By Tom Brank
In the year 1701, Antoine Laumet de La Mothe Cadillac assembled some 200 men, outfitted 25 large freight canoes with supplies to begin an arduous and dangerous adventure. Historical records indicate the exhibition was commissioned and financed by Louis XIV, King of France; Comte Ponchartrain, minister of the colonies, and Louis de Buade, Comte de Frontenac, the governor of New France.
Among the men were rugged voyageurs who knew the wilderness well. According to author and historian, Helen Francis Gilbert, divided among the 25 canoes were 100 artisans, farmers and a number of trusted Indians.
A crew of eight was in each canoe including two well-armed uniformed soldiers. Two priests were with the exhibition, one a recollect Father presumed to be Constantin del Halle, the founder of Saint Anne’s (Saint Anne’s is the oldest Catholic Church in the country, after St. Augustine, Fla.) and a Jesuit, Father Francis Valliant de Guerlis.
This adventure began its journey just outside Montreal and below the rapids of La Chine on the Ottawa River. It would follow an older and longer fur trade route through Lake Nipissing to the French River and about 30 portages before arriving at the top of the Lake of the Hurons.
Antoine was charged with more than one goal in his contract with King Louis. One was to keep the British out and away from the lucrative fur trade, which the French regarded as their own private enterprise. The other was to block the Iroquois from western expansion, as they were currently at war with the French and engaged in the negotiation of a treaty.
The voyageurs and Algonquin paddled through three great storms after absolute exhausting portages, paddling for 46 days. Once the destination was reached, records say they camped their first night on an island Cadillac called Gross Isle, a place filled with thousands of beautiful songbirds.
On the morning of July 24, in the year of our Lord, 1701, the entourage beached their canoes on a sandy spot with a 50’ cliff. Antoine Cadillac climbed to its top, looked about and said, famously, “Magnifique”, and so d’Etroit was founded.
On that first day, trees were felled for the little log church of Saint Anne’s, along with another temporary shelter for farmers and artisans. Soon after, plans and building began on Fort Ponchartrain. To sustain a group this large, to drink and eat each day, was an enormous task relying solely on hunting and fishing. Drinkable water was not a major problem then, however, even then “wise woodsman” knew to drink from the purest source possible.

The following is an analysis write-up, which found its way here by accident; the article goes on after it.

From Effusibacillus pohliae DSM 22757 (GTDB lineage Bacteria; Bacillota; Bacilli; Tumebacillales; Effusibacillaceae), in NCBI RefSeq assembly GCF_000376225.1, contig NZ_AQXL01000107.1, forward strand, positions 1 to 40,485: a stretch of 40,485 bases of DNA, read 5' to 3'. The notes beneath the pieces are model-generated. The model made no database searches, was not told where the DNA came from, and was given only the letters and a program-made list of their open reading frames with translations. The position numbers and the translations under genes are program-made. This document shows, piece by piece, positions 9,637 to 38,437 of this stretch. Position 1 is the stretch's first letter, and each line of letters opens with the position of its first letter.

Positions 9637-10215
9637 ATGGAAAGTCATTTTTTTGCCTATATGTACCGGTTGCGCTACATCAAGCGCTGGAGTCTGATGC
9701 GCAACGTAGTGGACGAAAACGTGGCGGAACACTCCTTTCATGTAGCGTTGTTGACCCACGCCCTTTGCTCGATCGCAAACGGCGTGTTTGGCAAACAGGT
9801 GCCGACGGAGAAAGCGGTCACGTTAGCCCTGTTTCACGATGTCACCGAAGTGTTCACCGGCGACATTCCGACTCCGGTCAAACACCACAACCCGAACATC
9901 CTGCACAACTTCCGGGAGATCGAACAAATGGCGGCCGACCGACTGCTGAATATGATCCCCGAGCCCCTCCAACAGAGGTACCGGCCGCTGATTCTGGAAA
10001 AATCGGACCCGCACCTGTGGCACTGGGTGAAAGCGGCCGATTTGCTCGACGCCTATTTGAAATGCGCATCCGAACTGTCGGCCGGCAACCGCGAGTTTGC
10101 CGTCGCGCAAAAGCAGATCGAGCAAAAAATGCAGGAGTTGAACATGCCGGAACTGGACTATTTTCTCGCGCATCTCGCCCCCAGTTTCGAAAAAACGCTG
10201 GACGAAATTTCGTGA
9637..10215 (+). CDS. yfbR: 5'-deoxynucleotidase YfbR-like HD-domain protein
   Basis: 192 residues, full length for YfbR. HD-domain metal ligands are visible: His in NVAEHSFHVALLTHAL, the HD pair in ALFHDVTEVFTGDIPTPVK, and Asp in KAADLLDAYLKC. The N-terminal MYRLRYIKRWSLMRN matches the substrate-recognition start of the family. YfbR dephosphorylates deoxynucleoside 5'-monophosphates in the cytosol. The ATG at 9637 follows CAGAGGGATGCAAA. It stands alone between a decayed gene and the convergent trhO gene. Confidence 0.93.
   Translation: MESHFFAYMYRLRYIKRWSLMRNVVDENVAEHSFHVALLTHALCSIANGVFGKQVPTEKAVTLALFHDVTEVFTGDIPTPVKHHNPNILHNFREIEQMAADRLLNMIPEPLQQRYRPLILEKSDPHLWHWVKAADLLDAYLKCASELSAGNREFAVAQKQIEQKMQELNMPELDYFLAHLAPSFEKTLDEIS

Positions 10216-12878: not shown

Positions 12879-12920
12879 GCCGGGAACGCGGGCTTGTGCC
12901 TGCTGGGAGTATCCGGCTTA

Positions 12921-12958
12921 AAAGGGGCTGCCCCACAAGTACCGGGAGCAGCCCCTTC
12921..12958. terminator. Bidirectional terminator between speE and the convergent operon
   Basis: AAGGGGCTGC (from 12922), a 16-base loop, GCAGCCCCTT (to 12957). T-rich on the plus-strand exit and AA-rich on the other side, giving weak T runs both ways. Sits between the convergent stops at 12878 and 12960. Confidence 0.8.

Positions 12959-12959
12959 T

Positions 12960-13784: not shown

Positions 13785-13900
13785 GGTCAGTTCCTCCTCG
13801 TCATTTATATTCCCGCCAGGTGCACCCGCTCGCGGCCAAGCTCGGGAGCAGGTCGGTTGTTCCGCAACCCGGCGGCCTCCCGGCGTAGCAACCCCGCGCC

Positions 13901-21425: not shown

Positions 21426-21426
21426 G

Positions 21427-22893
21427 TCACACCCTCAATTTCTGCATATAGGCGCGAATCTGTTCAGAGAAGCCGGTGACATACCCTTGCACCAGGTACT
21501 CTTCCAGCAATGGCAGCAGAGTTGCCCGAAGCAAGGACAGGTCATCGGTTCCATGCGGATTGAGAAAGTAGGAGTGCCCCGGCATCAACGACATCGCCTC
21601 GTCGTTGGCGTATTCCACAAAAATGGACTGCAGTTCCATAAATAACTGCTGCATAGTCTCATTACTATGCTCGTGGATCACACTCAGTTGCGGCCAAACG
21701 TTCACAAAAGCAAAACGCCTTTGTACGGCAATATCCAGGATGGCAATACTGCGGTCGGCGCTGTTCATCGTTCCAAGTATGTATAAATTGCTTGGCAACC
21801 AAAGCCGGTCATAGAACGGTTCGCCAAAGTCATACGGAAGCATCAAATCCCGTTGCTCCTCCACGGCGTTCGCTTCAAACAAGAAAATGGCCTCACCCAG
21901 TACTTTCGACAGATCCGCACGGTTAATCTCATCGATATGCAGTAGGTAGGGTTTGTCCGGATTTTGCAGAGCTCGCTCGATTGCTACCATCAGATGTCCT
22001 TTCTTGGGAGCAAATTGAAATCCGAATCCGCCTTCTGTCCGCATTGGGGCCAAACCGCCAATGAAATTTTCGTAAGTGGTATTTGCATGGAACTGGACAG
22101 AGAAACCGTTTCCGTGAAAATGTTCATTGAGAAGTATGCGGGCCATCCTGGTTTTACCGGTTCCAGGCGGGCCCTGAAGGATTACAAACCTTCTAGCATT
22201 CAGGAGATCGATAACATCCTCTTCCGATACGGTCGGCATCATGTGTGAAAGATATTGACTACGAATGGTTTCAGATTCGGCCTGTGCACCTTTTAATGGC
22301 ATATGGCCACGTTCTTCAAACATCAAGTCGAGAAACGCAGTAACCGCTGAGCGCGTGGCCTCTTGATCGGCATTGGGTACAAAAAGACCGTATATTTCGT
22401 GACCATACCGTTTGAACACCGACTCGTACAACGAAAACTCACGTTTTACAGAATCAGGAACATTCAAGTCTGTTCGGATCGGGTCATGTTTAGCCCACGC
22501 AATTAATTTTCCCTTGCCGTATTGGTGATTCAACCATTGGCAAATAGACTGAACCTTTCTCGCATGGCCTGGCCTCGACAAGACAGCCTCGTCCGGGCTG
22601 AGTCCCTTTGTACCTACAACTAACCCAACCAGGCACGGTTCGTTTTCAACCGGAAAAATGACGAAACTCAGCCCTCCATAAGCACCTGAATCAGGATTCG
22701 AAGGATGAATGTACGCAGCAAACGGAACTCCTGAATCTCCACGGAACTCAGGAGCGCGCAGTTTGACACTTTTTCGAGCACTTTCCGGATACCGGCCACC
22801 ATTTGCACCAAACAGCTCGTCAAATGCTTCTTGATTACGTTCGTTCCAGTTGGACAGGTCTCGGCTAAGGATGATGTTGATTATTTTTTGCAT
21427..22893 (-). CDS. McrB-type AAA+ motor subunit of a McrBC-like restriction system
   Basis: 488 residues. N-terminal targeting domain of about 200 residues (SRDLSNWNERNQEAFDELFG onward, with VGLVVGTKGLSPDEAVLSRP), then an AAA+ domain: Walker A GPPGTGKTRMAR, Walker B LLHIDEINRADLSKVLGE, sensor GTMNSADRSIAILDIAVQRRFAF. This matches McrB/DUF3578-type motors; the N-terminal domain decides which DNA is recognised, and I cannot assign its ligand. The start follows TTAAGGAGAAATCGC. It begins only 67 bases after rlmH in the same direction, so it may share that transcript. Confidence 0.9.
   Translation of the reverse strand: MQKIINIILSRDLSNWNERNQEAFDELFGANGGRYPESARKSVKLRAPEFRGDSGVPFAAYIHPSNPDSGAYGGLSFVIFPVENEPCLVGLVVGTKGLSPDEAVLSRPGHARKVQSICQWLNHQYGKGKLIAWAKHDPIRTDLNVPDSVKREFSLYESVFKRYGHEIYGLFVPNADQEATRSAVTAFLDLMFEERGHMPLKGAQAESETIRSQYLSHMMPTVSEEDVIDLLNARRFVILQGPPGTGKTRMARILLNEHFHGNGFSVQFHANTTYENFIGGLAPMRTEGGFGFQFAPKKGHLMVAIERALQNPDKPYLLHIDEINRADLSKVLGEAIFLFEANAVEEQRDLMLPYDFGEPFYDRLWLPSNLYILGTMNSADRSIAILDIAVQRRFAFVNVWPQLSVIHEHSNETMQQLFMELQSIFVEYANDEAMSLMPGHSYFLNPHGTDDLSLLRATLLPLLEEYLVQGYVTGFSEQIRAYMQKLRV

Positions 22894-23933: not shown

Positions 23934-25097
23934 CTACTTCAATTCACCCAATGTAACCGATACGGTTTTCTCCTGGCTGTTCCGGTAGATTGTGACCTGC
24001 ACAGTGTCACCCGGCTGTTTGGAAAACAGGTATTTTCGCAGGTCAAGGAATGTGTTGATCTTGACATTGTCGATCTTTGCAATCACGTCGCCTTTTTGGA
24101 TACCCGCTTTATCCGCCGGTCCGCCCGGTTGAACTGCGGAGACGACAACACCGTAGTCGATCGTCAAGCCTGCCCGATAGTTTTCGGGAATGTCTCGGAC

Many streams fed the Detroit River. But, one was favored here with Cadillac’s men and local Ottawa; the little Savoyard and its clean source deep in the earth. It bordered the western edge of the fort and could be paddled by canoe almost to its end. Later, its banks were used to picnic and had always set a pretty picture of serenity, a little river that fed the land and nourished its people. A French artisan pulled water from it to make pottery by its banks. His name was Savoy, for which the river is named.
The little river; a prime avenue of life with fish, muskrat beaver, otter and deer drinking at dawn, a river set in a meadow of richness and beauty, a place where even a tough voyageur may come to sit in silence and replenish his soul.
These lands and waters were best described in a letter Comte Ponchartrain wrote to a friend in Paris. “The banks of the river are so many vast meadows where the freshness of these beautiful streams keep the grass always green. These same meadows are fringed with long, broad avenues of fruit trees, which have never felt the careful hand of the watchful gardener; and fruit trees, young and old, droop under the weight and multitude of their fruit and bend their branches toward the fertile soil, which has produced them. Land so fertile and beautiful, it may justly be called earthly paradise of North America.”
Detroit, then, was a place the Ojibway called “bahwating” – a “gathering place.” d’Etroit grew, slowly at first, but it grew. Buildings were made of wood; forts, warehouses and small homes. Then, larger buildings came up and in the 1930’s the little, beautiful Savoyard was channeled into Detroit’s main sewer system, and there it remains today.
In 1925, The Buhl Building was completed, a great building of quality and taste. It sits south of, and next to, the famed Penobscot Building. Oddly, the Buhl is 26 ½ stories high. Technically, to get to the 27th floor one must walk up a Terrazzo tile stairway to the top, where one will find, what was, a semi-private club called the Savoyard.
The Savoyard was used extensively in the heyday of Detroit’s financial district. It has windows facing south to view the river Detroit and was constructed in rough wood, perhaps befitting the little river over which the building stands.
In spite of huge granite and steel, the Savoyard still flows, deep within and beneath the dark recesses of a city. The Savoyard club has been vacant for about 30 years, sitting empty, lifeless and rarely used. Perhaps, it stands as a sentinel, quietly saluting that which has outlived it, the little river that runs beneath.
Tom Brank was born and raised on the Lower East Side of Detroit. He was a broker inside The Penobscot Building in the 1960s and formed Cinema 1976 on W. Grand Boulevard in the early 70s. He now writes from northern Michigan.